INDIANAPOLIS – Let’s be honest, the Colts haven’t come close to doing their part in holding up the ‘rivalry’ with the Patriots.
The Colts have lost 8 straight games to the Patriots, with their last win coming 12 years ago (in the ‘4th-and-2’ game in 2009).
Venom for the Patriots is still alive and well in Indianapolis.
How Josh McDaniels treated Chris Ballard and the Colts back in January 2018 made sure to keep the hatred for the NFL franchise in New England simmering.
On the field though, it couldn’t be further from a rivalry. And those in New England aren’t circling this game on the schedule like Colts fans are.
In this drought against the Brady/Patriots, the Colts have given up the following points: 38, 34, 45, 42, 43, 59, 31, 31.
They’ve lost by more than 30 points in 2 of those games, by 20 points in 2 others.
For a ‘rivalry’ to truly fit such a label, the Colts have to start putting out a more competitive effort.
Saturday will be the first time the Colts have faced the Patriots without Brady since the 2008 season.
But with McDaniels, and especially Bill Belichick, on the visiting sideline this Saturday, the greeting will be anything but ‘Hoosier hospitality’ on Saturday.
Belichick is arguably the greatest coach in NFL history and his presence continues to strike fear in opposing teams.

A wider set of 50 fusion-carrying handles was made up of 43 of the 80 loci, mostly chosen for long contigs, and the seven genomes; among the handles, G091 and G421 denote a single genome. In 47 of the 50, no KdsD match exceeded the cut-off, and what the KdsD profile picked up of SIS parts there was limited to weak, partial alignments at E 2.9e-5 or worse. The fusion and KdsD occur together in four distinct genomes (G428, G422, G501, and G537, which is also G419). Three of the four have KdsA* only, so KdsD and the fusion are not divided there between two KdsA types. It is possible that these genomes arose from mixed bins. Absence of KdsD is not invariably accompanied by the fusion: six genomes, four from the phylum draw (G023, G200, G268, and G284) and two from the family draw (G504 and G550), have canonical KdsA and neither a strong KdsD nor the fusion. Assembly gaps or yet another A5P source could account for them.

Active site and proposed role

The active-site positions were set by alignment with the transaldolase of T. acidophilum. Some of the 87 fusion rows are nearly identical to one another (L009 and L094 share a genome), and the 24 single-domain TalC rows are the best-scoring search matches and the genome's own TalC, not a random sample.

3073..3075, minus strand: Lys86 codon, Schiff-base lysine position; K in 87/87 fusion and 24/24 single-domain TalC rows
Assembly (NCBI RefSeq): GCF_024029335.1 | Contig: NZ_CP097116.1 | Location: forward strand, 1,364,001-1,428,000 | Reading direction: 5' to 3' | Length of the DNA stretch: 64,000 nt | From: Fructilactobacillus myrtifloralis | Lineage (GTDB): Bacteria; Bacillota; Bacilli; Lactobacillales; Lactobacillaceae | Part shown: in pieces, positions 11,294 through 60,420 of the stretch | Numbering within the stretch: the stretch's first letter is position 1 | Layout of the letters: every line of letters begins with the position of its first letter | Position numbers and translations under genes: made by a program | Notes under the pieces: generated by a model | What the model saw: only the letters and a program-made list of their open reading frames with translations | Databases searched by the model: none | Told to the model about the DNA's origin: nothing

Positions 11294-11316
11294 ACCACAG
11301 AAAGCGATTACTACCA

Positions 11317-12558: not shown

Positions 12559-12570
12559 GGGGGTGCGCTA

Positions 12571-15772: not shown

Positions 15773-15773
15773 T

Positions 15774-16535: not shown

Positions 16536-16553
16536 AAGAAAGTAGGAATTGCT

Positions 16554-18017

“He’s earned the reputation for being able to take away what you do best,” Frank Reich says about Belichick. “He’s done that for a lot of years. He’s very good at – each game plan is specifically designed for what the team does. He has the flexibility to use his players and his schemes in order to take away what you do best. That’s how he’s made the reputation for being one of the greatest coaches of all time.
“I think we all are trying to do it, but we’re just all not as good as Bill Belichick. I think he’s the best ever or one of the best ever in fairness to some other really great coaches. He’s one of the best ever doing that. He’s got a great football mind. He’s done a great job of getting his guys ready. I think we all aspire to get our teams ready in that way. It’s a combination of doing what you do and then it’s also a combination of understanding what your opponent is trying to do, and making those two sync up together.”
Not thanks to the opponent, nor what the AFC standings look like right now for the Colts (7-6, 6th place in the AFC), when combining fandom towards an opponent and magnitude of the game itself, it wouldn’t be hyperbole to say that Saturday is the most anticipated regular season game at Lucas Oil Stadium in more than a decade.
If you were to throw the records out the window, Reich knows that this one means a little bit more to the thousands inside of Lucas Oil on Saturday.
“There’s no doubt you feel that,” Reich says about Colts’ fans hatred for the Patriots. “Obviously, I don’t get out a whole lot in the community, especially in the season when fans are most passionate about it. But having been here before as an assistant coach you really feel how important that is to this organization and to our fans that the history of this rivalry with New England is real, it’s palpable.
“I don’t want our players to get too caught up in the past, (but) I do want them to understand that it is a big deal here.”